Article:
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Dual-format editions include both Blu-ray and DVD versions of a film in a single package. All supplements are available across both formats.
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A trademark Cronenberg combination of the visceral and the cerebral, this phenomenally gruesome and provocative film about the expanses and limits of the human brain was the Canadian director’s breakout hit in the United States.
After the shocking suicide of their friend, a group of thirtysomethings reunite for his funeral and end up spending a weekend together, reminiscing about their shared pasts as children of the sixties and confronting the uncertainty of their lives as adults of the eighties.
Erik Skjoldbjærg’s chilling procedural anticipated the international hunger for Scandinavian noirs and serial killer fictions, and features one of Skarsgård’s greatest performances.
French director Jacques Demy didn’t just make movies—he created an entire cinematic world. Demy launched his glorious feature filmmaking career in the sixties, a decade of astonishing invention in his national cinema.
A cornerstone in the career of this most economical and profoundly spiritual of filmmakers, Pickpocket is an elegantly crafted, tautly choreographed study of humanity in all its mischief and grace, the work of a director at the height of his powers.
Kirk Douglas gives the fiercest performance of his career as Chuck Tatum, an amoral newspaper reporter who washes up in dead-end Albuquerque, happens upon the scoop of a lifetime, and will do anything to keep getting the lurid headlines.
Kiarostami has constructed an enigmatic but crystalline investigation of affection and desire as complex as his masterful Close-up and Certified Copy in its engagement with the workings of the mercurial human heart.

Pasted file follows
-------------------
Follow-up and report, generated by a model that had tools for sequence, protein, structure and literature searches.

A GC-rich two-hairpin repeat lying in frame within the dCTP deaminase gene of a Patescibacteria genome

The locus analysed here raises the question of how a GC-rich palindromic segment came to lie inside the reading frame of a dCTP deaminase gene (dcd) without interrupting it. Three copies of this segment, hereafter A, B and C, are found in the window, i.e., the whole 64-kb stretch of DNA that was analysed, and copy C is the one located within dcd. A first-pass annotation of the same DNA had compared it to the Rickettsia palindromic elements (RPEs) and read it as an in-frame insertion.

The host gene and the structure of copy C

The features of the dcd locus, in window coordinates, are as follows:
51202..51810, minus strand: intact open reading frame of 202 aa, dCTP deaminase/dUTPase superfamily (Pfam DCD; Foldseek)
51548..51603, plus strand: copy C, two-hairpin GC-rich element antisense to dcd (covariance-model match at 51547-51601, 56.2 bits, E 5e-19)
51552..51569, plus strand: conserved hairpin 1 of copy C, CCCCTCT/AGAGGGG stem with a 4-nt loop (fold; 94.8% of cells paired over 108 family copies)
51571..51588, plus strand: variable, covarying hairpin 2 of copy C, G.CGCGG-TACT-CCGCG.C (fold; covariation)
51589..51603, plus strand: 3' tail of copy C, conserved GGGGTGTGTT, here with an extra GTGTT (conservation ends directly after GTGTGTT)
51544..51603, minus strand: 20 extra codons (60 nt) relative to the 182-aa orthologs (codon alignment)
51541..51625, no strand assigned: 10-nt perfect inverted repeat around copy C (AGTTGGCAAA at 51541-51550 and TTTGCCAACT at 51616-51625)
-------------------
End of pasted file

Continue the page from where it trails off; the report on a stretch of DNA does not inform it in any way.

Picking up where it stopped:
Internationally famous oceanographer Steve Zissou (Bill Murray) and his crew, Team Zissou, set sail on an expedition to hunt down the mysterious, elusive, possibly nonexistent Jaguar Shark that killed Zissou’s partner during the documentary filming of their latest adventure.
27 May 2014
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A profoundly felt film about class and conformity in small-town America, All That Heaven Allows is a pinnacle of expressionistic Hollywood melodrama.
The concluding chapter of Michelangelo Antonioni’s informal trilogy on contemporary malaise, L’eclisse tells the story of a young woman (Monica Vitti) who leaves one lover (Francisco Rabal) and drifts into a relationship with another (Alain Delon).
A Hard Day’s Night, in which the bandmates play slapstick versions of themselves, captured the astonishing moment when they officially became the singular, irreverent idols of their generation and changed music forever.
This sensual and striking chronicle of a disappearance and its aftermath put director Peter Weir on the map and helped usher in a new era of Australian cinema.
Lars von Trier became an international sensation with this galvanizing realist fable about sex and spiritual transcendence.
This multiple-Oscar-winning film by Roman Polanski is an exquisite, richly layered adaptation of Thomas Hardy’s Tess of the d’Urbervilles.
Suffused with both enchantment and melancholy, this autobiographical film takes on the perspective of a quiet, lonely boy growing up in Liverpool in the 1950s.
A full-throttle espionage thriller, starring Joel McCrea as a green Yank reporter sent to Europe to get the scoop on the imminent war, it’s wall-to-wall witty repartee, head-spinning plot twists, and brilliantly mounted suspense set pieces.
A compulsive chicken thief turned newspaper reporter, Mr. Fox settles down with his family in a new foxhole in a beautiful tree—directly adjacent to three enormous poultry farms owned by three ferociously vicious farmers: Boggis, Bunce, and Bean. Mr. Fox simply cannot resist.
This evocative period piece, faithfully adapted from the A. E. Hotchner memoir, is among the versatile Soderbergh’s most touching and surprising films.
Hailed as one of the finest films ever made, Jules and Jim charts, over twenty-five years, the relationship between two friends and the object of their mutual obsession.
The revered American auteur Michael Mann burst out of the gate with his bold artistic sensibility fully formed with Thief, his first theatrical feature.